On-farm processing sustains future

Schrock family maximizes profit per cow on their dairy

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RUSSELLVILLE, Ky. — Willis Schrock and his family have found a viable future in dairy farming through on-farm processing.

“It’s hard to sustain a farm when the milk price is more down than it is up,” Schrock said. “We just weren’t interested in milking 500 cows, and so, we decided if we can milk a smaller herd and make more money per cow, we’ll take that route.”

Schrock uses milk from his 60-cow dairy farm — as well as two local dairy farms — to process under the label JD Country Milk. Their dairy products are sold in over 70 grocery stores in Kentucky, Tennessee and Indiana.

“Our model is such that we can pay more for the milk than what the open market is paying,” Schrock said. “We can help sustain small farmers.”

JD Country Milk sells whole milk, 2% milk, skim milk and chocolate milk in glass bottles. They also offer cream, half and half and buttermilk. Seasonally, they offer strawberry milk made with actual strawberries, drinkable yogurt and eggnog.

Schrock’s farm is located in southwestern Kentucky, near Russellville, which is 50 miles north of Nashville, Tennessee.

Schrock grew up on a dairy farm in central Illinois. After leaving home, he hauled milk in Illinois. In 1992, he bought a dairy herd and continued with his milk-hauling route as well. He and his son fed and milked cows and also hired someone to help with milking.

In 1998, Schrock quit hauling milk and moved his herd and family to Kentucky to dairy farm full time.

In September 2006, they processed milk on their farm for the first time and downsized the herd to 12 cows. In 2013, Schrock said they changed their model and the plant was expanded.

“It was quite a long, hard drag the first five to six years to get things going,” Schrock said.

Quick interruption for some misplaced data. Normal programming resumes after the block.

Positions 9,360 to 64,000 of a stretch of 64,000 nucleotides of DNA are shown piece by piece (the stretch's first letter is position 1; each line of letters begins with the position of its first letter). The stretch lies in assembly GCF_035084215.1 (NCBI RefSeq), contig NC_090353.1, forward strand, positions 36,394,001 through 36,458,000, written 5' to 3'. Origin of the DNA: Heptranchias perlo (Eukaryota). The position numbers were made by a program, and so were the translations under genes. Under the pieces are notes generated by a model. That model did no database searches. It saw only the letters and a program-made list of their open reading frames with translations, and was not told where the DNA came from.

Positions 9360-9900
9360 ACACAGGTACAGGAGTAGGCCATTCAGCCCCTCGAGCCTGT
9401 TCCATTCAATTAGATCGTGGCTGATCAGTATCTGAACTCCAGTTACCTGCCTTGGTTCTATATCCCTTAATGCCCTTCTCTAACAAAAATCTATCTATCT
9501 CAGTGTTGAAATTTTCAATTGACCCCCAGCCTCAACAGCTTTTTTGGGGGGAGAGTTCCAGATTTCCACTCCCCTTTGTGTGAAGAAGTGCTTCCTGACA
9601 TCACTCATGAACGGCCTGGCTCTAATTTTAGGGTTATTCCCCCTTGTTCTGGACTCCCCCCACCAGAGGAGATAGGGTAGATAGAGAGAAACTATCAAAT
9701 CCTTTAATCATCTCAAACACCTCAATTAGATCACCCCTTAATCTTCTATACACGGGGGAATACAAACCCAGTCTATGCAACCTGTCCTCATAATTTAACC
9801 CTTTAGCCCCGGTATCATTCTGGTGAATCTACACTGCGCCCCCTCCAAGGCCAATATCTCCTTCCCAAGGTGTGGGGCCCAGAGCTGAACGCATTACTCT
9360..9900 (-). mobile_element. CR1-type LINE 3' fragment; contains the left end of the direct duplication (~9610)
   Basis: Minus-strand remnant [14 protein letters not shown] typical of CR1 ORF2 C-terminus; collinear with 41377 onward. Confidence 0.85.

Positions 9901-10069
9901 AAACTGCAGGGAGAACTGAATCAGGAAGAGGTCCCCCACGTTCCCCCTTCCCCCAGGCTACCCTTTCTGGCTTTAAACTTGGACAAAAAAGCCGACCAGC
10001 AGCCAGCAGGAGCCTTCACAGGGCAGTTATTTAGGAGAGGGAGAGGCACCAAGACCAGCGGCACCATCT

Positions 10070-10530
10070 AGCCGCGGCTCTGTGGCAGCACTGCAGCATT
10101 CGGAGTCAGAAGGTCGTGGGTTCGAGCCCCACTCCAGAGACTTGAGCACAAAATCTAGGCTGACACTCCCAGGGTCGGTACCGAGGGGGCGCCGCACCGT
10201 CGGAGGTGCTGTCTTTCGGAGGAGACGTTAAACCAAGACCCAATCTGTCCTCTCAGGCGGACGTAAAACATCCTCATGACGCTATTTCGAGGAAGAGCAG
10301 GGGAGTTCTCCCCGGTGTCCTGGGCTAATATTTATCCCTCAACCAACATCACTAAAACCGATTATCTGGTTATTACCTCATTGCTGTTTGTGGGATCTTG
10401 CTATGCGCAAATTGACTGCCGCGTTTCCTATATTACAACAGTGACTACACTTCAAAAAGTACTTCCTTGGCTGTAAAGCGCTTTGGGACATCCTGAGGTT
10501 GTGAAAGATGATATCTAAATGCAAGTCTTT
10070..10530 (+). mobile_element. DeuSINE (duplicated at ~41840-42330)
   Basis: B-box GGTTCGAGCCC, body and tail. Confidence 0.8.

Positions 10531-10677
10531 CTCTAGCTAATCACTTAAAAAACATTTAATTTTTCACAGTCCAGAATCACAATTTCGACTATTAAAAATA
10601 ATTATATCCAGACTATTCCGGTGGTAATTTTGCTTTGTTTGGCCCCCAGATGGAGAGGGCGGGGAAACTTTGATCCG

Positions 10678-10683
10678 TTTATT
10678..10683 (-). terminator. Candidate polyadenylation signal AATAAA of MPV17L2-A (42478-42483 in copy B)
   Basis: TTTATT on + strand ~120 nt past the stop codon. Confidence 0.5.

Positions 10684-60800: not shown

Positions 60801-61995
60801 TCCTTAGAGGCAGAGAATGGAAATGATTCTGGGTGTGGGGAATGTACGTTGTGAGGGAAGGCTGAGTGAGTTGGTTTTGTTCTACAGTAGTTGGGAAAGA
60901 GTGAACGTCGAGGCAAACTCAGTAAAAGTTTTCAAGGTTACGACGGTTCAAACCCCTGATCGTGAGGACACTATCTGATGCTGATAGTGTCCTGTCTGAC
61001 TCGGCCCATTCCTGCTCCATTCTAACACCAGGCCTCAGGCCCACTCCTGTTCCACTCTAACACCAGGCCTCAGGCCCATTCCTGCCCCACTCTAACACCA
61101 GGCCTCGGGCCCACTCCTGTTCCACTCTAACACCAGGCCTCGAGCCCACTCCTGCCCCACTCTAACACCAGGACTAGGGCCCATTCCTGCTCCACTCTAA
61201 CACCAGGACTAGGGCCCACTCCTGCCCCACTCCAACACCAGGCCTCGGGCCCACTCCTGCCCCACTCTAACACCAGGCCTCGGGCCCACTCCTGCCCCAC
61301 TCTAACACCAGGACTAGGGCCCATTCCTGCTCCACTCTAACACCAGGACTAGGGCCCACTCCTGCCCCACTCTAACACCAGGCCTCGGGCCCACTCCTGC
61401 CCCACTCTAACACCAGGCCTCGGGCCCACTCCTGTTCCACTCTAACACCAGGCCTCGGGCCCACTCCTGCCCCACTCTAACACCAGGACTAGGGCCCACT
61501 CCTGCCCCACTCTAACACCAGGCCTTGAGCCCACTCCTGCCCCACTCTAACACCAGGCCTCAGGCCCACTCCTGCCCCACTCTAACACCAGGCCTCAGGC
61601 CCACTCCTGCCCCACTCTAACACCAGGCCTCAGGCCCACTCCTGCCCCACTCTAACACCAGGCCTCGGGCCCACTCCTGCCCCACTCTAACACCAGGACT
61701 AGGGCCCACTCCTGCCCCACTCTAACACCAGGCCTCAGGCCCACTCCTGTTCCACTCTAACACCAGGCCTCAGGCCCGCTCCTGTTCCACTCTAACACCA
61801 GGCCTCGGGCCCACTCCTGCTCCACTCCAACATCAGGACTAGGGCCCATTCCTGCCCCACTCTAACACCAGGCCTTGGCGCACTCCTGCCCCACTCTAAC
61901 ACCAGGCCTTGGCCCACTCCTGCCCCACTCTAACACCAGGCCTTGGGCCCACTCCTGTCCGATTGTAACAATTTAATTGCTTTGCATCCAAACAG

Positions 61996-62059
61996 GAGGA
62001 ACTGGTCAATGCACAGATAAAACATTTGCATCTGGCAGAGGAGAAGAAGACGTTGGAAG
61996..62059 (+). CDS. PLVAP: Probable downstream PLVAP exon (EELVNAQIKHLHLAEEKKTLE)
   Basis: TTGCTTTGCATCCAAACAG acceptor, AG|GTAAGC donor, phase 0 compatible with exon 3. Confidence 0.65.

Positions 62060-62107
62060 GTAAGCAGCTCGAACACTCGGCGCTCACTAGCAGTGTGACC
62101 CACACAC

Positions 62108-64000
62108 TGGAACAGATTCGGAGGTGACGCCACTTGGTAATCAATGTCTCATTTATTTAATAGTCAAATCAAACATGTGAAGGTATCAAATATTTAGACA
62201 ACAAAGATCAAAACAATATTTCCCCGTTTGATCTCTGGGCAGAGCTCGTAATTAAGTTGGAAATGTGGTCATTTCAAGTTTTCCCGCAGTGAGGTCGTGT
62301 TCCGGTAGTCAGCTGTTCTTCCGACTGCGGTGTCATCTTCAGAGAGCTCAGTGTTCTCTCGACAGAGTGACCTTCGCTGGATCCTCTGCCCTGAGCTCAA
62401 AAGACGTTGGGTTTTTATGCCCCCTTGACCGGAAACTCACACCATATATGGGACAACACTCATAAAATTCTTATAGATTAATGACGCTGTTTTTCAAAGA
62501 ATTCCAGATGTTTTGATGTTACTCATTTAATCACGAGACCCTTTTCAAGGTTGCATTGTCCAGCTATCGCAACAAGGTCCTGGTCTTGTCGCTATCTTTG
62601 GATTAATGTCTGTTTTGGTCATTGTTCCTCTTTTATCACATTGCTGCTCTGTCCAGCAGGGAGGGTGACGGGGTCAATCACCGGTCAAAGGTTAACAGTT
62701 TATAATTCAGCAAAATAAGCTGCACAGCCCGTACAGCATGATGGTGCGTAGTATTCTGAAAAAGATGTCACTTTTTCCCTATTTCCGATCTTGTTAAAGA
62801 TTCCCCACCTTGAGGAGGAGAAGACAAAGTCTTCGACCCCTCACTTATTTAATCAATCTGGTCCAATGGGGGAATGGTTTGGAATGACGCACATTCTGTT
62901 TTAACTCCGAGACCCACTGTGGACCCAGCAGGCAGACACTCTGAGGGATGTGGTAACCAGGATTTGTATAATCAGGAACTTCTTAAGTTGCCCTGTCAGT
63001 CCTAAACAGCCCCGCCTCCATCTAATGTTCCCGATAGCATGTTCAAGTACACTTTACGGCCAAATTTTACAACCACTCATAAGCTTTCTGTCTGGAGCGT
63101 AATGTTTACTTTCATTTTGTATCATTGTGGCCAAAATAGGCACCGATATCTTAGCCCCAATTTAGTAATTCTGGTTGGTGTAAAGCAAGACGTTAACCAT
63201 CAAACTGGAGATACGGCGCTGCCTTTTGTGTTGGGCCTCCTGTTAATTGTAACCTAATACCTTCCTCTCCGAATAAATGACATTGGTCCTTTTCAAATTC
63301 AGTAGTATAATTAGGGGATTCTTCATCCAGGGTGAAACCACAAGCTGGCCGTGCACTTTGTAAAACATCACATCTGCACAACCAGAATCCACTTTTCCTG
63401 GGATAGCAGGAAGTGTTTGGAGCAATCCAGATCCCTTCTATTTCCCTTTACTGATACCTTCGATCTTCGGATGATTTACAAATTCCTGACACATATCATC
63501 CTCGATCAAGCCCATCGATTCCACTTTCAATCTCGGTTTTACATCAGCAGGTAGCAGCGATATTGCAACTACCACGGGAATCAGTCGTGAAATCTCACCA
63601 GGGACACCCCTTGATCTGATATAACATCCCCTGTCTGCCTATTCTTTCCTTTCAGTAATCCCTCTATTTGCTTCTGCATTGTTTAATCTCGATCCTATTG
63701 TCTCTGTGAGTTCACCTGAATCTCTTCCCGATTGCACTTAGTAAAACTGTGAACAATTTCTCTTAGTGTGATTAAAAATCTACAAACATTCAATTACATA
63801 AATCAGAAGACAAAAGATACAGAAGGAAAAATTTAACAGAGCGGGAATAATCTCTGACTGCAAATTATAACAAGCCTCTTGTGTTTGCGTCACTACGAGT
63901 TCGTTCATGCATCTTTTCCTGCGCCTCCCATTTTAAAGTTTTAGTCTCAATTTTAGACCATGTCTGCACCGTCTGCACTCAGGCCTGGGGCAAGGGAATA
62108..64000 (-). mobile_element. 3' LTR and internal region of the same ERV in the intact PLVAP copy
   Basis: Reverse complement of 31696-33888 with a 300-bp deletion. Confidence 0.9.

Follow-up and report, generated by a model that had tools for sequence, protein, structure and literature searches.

Schrock and his family sold their milk at farmers markets each week for the first 5-8 years.

Schrock said that what helped them get their products into stores was their customers from the farmers markets taking their business cards to their store managers and asking them to stock it. JD Country Milk no longer sells at any farmers markets.

Schrock said 30% of their milk sales are through Whole Foods Market. Schrock said it was difficult to get into this type of store because they had to fight the corporate chain.

“Once we got into those companies and proved that we could deliver and proved that our product is sustainable, ... then we could get in,” Schrock said.

Schrock’s herd is milked with two DeLaval robotic milking units in a free-flow setup that they put in last summer.

“Our chores are a little more versatile this way,” Schrock said. “It’s just a game changer for us.”

Schrock, his wife, Edna, six of his eight adult children and one employee work full time on the operation. Each has different areas of expertise. Some work in the plant, some work with the cows, and some do milk deliveries in the 200-mile radius in which they sell products.

Raising a family on the farm is one of the things Schrock said he likes about farming.